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Old 09-09-2015, 12:39 PM
DNZ Male DNZ is offline
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Join Date: Sep 2015
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Default small shed 12volt/dc advice

I have a small shack with a loft that I would like to light it with a 12 volt system. The studs are still exposed so I would like to run wiring before I insulate and panel. I would like some suggestions on an inexpensive solar 12 volt setup with six 5 or 7 watt LED DC lights and the possibility of a converter connected occasionally to the battery for small appliances. Specifically:
what kind and size wire should I run in the walls?
What is the minimum size solar panel should I use?
size and type of battery for storage?
size and type of charge controller?
do I connect the lights to the terminals from the charge controller or should the wiring come off the battery?
Can I use standard household light switches and light fixtures for the 12 volt lights?
BTW: remote, no access to the grid
I appreciate any and all advice.
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Old 09-11-2015, 11:56 AM
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12vman Male 12vman is offline
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Join Date: Oct 2003
Location: Tuscarawas County, Ohio
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First.. Welcome!

Lots to cover but we need more information..

..the possibility of a converter connected occasionally to the battery for small appliances..

What kind of "small" appliance(s)? How long do you plan to operate these appliances in a 24 hr. period? How much power do these things require?

Distance is a big factor when supplying low voltage to an item. How far from the battery is your lighting going to be? Do you plan to have switches locally at the light fixture or somewhere at a distance from the fixture and the power source?

These two factors will help assist you in your design. We need to know how much power you need to design the panels/controller/battery and the lighting situation to decide the wiring needs..

Normal light switches can be used BUT I operate relays to do the actual switching AT the fixture. This concept makes the power wiring shorter to the fixture and adds flexibility to put the wall switch just about anywhere you choose..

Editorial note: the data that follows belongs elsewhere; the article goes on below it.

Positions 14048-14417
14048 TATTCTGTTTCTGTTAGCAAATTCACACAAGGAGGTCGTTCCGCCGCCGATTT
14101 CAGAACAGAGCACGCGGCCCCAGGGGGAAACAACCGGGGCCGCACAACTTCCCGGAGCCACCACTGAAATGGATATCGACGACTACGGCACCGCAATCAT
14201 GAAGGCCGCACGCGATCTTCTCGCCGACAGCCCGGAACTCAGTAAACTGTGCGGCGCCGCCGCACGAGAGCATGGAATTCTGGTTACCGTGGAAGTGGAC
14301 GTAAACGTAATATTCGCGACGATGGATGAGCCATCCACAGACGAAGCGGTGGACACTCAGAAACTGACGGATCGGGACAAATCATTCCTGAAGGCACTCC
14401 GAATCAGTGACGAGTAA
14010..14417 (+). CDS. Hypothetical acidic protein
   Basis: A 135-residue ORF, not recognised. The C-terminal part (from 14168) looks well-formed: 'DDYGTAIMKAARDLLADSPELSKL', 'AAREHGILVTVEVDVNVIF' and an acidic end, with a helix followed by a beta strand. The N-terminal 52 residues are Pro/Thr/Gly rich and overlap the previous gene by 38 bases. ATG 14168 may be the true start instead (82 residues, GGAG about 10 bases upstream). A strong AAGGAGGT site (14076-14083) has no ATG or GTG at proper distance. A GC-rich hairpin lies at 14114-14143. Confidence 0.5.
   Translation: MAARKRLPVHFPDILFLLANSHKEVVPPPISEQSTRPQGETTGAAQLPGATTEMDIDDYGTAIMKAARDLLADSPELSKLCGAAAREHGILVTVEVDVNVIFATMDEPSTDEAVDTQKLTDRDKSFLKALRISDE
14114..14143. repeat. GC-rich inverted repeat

I use standard 4 conductor telephone wire to operate the coil of the relay (which is installed AT the light fixture) via a standard wall switch and run the power from the battery directly to the fixture. This make the actual power run as short as possible. This greatly reduces line loss issues and you can put the switch almost anywhere. It's possible to switch a relay on/off at a distance of over 100'. (Saves a lot on wire!)

Fill us in a little..
"Without Deviation from the Norm, Progress is not Possible".
*Frank Zappa*
"Two roads diverged in a wood, and Ió I took the one less traveled by, And that has made all the difference"
*Robert Frost*
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Old 09-23-2015, 10:39 PM
RochBear Male RochBear is offline
Join Date: Apr 2015
Posts: 56
Default The higher the voltage the smaller the wires


All good questions.

Here is my best advice.
1) I would put an inverter in right near the batteries, and then run 110V AC wiring through the building.

The DC wires need to be very large - because the amperage will be high. If you wire things for AC, you simply wire like you would if you were on grid. It also allows you to simply unplug the inverter, and then plug in a generator if you batteries get too low (due to high load, and low solar input)

Also finding AC appliances is much easier than 12 volt DC appliances.

As far as how many batteries, solar panels etc. I have 1200 watts of panels, and they charge 10 deep cycle batteries. This does run a deep freeze and a full sized fridge most of the time. I am going to add two more batteries soon, as I tend to pretty low in the early morning time. (and the charge controller kicks out in the afternoon)
My inverter is a 2000 watt pure sine (4000 watt surge) It works for the ONE circuit in our house. On Sunny afternoons, I often brew coffee, and run computers etc. But when it's cloudy, I end up switching the refrigerator to utility power for over night.

That's my $.02. Don't spend it all in one place.

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